The Washington Post
Collapse of Silicon Valley Bank reflects a larger anxiety
Most Americans were probably familiar with Lehman Brothers when the storied investment house collapsed in 2008, a victim of bad bets on soured mortgagerelated investments.
But relatively few would ever have heard of Silicon Valley Bank, the country’s 16th largest before it was seized Friday by the Federal Deposit Insurance Corporation, a banking regulator.
Silicon Valley Bank’s demise on one level is a straightforward tale of a financial screwup. A massively bad bet on interest rates caused painful paper declines in its investments, forcing the bank to sell securities at an actual loss. This could have happened to any bank. Once depositors learned they might lose access to their cash, they panicked and began withdrawing en masse. Poof: Silicon Valley Bank incinerated in two days. In purely technical terms, this had nothing to do with the tech industry clients it served.
Yet, at another level, the bank’s swift fall had everything to do with its clubby clientele of Silicon Valley start-ups and the venture-capital and private-equity firms that fund them. That its collapse coincided with a moment of intense anxiety in the tech industry is no accident.
Silicon Valley was, in many ways, just a normal bank. It held deposits for companies and their wealthy executives, made loans, and provided cash-management services. These are the workaday tasks banks perform for their customers.
Begun in 1983 — about a decade after the term “Silicon Valley” began to be applied to the area at the base of the mountains around San Jose — the bank developed a powerful niche catering to tech-focused start-ups. Just as venture capitalists ( VCS) built a new financial industry investing in companies with few physical assets that couldn’t have attracted capital elsewhere, Silicon Valley Bank followed in the VCS’ wake by offering itself as the preferred bank for newly funded entrepreneurs.
It became an article of faith among start-ups that once you secure funding, you put that money in SVB, as everyone here calls it. There was no reason that young companies couldn’t have placed their money at Jpmorgan Chase or Bank of America, though both were longtime players in Northern California. But they generally didn’t. As with so many other aspects of the tech ecosystem, start-ups did exactly what successive generations of their forebears did by banking with the institution that understood them best.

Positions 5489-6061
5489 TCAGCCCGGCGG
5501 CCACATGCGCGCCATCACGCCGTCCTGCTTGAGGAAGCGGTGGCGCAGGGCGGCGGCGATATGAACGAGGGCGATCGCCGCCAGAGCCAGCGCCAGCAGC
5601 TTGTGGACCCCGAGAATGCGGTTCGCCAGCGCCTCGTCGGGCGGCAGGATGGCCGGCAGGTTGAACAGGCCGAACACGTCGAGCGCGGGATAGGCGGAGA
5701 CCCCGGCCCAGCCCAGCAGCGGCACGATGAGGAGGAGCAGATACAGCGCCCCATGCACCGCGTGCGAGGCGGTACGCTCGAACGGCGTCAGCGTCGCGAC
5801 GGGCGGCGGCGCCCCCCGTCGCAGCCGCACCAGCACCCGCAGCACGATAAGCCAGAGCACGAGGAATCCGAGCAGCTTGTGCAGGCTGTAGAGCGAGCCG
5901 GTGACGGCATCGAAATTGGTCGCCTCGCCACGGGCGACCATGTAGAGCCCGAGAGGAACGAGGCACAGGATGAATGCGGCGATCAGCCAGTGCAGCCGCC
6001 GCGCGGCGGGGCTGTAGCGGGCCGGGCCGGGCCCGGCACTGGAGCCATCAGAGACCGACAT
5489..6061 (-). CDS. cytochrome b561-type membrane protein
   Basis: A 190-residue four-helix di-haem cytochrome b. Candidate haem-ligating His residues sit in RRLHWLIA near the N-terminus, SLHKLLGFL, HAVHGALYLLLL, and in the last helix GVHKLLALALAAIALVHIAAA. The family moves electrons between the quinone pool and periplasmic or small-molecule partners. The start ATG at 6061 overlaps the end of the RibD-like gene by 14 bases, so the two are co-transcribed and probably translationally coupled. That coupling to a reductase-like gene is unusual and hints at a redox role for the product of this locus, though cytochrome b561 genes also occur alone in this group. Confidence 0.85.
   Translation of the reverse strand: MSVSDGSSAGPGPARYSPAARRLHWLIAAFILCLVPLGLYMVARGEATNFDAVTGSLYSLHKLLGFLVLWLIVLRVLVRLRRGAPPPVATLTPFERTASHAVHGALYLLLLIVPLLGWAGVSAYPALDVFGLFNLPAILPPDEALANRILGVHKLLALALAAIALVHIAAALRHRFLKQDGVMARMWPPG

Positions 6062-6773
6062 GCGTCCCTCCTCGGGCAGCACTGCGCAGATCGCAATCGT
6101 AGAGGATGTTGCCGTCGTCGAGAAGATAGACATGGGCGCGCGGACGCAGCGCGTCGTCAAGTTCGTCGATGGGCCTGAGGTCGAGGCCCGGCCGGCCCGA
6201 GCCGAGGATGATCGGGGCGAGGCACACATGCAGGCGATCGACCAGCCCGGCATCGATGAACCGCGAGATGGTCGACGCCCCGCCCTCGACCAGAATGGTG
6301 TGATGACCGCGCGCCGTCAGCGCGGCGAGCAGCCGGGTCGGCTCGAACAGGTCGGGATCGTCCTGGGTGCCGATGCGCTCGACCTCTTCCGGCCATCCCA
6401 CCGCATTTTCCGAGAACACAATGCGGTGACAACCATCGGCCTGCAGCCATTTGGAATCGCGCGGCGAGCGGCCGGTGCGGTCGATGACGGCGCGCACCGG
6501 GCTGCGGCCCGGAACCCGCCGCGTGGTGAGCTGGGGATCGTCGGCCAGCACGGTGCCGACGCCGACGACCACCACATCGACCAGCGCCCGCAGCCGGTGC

The bank flourished for 40 years, particularly during the pandemic, when a flood of investments in tech companies associated with the success of remotework applications caused its assets to peak at $198 billion.
The bank’s collapse, then, had nothing and everything to do with its eggs-inone-basket reliance on local tech firms. With deposits rushing in during the pandemic, the bank had to invest more and more money in bonds, typically U.S. bonds. As interest rates spiked, bond prices declined. That would have been fine but for the bank’s sudden downturn in deposits. After rising robustly in 2021, deposits fell 13 percent in the first three quarters of 2022. This meant that tech companies were pulling cash from the bank as their outlooks dimmed. Forced to sell securities to meet withdrawal demands, the bank said on Wednesday it would record a large loss and seek to raise fresh capital. This was a signal to customers that their deposits might not be safe. A classic and chaotic run on the bank ensued.
The bank might have been saved had its high-rolling customer base — faddishly accustomed to following each other for good reasons and bad — joined forces to remain calm. That wasn’t likely in an environment of plunging stock prices, mass layoffs at Bay Area companies large and small, and a broadly dyspeptic mood among the typically peppy tech crowd.
“More in the VC community need to speak out publicly to quell the panic about [Silicon Valley Bank],” Mark Suster, a respected investor with Upfront Ventures, tweeted on Thursday. Suster went on to tweet he had spoken to many VCS who were not encouraging their portfolio companies to yank funds. That was either wishful thinking or he was speaking to the wrong VCS. No bank ever has enough funds to allow every customer to pull out its money at once. All it took to do in SVB was the legitimate concern among enough customers that they would never see their money again.
The implosion is only the latest example of a generation of executives used to operating in a low-interest-rate environment getting caught in a crosswind with which they had no experience. Once the shareholders of what was Silicon Valley Bank are partially or totally wiped out, the bank’s business likely will be a tasty target for an established player wanting to invest for the long haul in the technology industry. The bank’s overnight demise is a reminder that the valley is bruised and shaken — but holds too much potential to be written off.
Adam Lashinsky is the former executive editor of Fortune magazine and author of “inside Apple: How America’s Most Admired — and Secretive — company Really Works.”